Who helps them to see the wider picture, who helps them to get on with the job they really set out to achieve, who identifies glaring gaps and helps to co-ordinate actions? Who tickles them into action? Who provides them with the skills and resources  to be successful?

Surely our aim should be to create the conditions that help the  community to flourish;  where individuals can influence events around them, where there are strong local connections and support networks and where we can create a sense of belonging.

So does the council  seek out and nurture those  individuals who can stand up and be counted ….and closer to home for all of us…how do we search out, encourage,select and develop  local councillors who can make a meaningful contribution?

Civic funding….It’s not “our money”

The precept is money we raise locally…..for our community….not just to run the council. It is spent locally by local organisations (not just the Council)  for the benefit of local people. What’s not to like about that? On the day a decision is made to raise more local tax perhaps we should have celebrations, whooping on the streets, it shows we are concerned about one another.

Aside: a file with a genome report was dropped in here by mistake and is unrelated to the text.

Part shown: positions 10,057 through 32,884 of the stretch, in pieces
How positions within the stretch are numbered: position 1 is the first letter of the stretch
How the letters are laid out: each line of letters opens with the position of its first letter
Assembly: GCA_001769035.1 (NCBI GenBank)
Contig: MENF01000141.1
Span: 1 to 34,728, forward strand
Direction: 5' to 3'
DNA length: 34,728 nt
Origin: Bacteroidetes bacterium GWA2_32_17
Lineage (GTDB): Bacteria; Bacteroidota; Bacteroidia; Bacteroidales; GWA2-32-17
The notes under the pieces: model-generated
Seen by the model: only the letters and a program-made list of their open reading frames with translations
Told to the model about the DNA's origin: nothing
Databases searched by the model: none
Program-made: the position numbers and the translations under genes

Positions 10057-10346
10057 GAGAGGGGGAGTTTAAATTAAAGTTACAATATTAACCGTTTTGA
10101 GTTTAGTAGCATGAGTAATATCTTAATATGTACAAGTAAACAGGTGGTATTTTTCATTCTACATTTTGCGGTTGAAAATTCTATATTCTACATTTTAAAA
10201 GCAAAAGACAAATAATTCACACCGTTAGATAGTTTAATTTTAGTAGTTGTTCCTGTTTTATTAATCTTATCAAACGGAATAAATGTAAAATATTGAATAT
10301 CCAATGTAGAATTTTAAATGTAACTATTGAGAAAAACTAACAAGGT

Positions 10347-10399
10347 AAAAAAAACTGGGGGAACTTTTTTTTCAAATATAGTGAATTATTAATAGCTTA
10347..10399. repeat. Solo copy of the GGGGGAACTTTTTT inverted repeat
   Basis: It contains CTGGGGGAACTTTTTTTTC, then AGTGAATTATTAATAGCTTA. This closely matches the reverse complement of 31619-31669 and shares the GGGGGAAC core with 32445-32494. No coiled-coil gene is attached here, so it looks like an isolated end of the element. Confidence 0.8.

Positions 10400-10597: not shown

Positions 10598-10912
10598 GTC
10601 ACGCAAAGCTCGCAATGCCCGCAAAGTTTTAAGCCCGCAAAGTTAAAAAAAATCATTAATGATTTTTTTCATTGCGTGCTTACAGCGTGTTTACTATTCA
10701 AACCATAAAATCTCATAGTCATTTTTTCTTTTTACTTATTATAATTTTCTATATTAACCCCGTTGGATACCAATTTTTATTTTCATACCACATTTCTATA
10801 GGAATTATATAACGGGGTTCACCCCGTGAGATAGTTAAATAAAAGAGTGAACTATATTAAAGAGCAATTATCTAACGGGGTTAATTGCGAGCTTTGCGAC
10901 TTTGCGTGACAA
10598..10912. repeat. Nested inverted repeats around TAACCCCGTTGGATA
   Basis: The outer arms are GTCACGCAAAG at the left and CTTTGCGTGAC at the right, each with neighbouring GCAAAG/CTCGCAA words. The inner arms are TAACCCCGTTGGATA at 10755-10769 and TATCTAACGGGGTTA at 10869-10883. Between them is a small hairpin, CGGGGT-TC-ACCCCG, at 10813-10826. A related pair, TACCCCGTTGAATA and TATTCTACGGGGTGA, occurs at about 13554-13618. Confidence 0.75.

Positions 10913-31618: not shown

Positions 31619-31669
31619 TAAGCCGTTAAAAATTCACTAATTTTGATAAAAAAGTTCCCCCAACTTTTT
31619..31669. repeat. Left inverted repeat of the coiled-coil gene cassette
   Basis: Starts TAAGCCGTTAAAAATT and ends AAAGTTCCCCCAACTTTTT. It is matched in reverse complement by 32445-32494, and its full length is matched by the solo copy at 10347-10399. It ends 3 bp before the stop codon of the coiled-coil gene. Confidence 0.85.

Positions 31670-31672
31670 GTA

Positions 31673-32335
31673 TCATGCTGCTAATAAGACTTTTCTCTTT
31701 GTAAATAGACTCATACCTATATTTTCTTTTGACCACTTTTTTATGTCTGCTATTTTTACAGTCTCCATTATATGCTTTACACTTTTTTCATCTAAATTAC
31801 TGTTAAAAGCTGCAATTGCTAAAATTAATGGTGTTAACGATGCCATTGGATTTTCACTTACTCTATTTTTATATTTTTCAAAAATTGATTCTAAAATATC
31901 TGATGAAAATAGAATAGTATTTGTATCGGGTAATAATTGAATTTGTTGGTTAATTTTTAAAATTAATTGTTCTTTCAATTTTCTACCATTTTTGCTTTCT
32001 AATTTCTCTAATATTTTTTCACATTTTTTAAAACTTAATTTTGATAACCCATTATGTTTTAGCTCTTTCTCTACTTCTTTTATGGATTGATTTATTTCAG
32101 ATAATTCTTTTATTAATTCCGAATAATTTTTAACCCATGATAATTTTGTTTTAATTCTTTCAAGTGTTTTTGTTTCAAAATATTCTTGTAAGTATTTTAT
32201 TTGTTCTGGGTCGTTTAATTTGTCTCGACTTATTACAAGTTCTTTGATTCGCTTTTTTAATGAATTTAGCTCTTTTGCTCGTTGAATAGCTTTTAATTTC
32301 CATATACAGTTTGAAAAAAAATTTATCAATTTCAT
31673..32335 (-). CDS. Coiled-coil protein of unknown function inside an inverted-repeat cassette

Just to prove a point last year 20% of our budget was used by others in the form of grants, crowdfunding, the peoples budget and so on. Many of these users double or treble what we give them and draw in hundreds of volunteers (all of whom gain from being involved). Without us that would not happen, other institutions are just not close enough to the ground.

The power to change all of that is in your hands ..but ensure that funding too is used as a resource for change.

Conclusion

Its a hackneyed phrase but the world is changing fast. You only have to think about environmental changes, the fragility of  our communities, the rise and rise of social media, the changes that Brexit will bring, the death of local government as we know it, the struggles of the NHS, the hollowing out of the state, ageing demographics and  the desire for people to be heard and able to influence events that unfold around them. I could go on but essentially how do we build more resilient communities that will be able to withstand the shock of the unknown?

None of this can be delivered top down, most answers, where there are answers  can only be found locally ……and there is no more local than us. Through adversity there is opportunity, if we get our act together we may be able to fill some of the holes, take the pleasure of achieving something in our own community and have some fun.

So I leave you with a question which I want you to think about throughout the day.

Are you ready to  step up to the mark?

And if you can’t  Mark Twain will be proved right “If you always do what you have always done, you will always get  what you’ve always got.”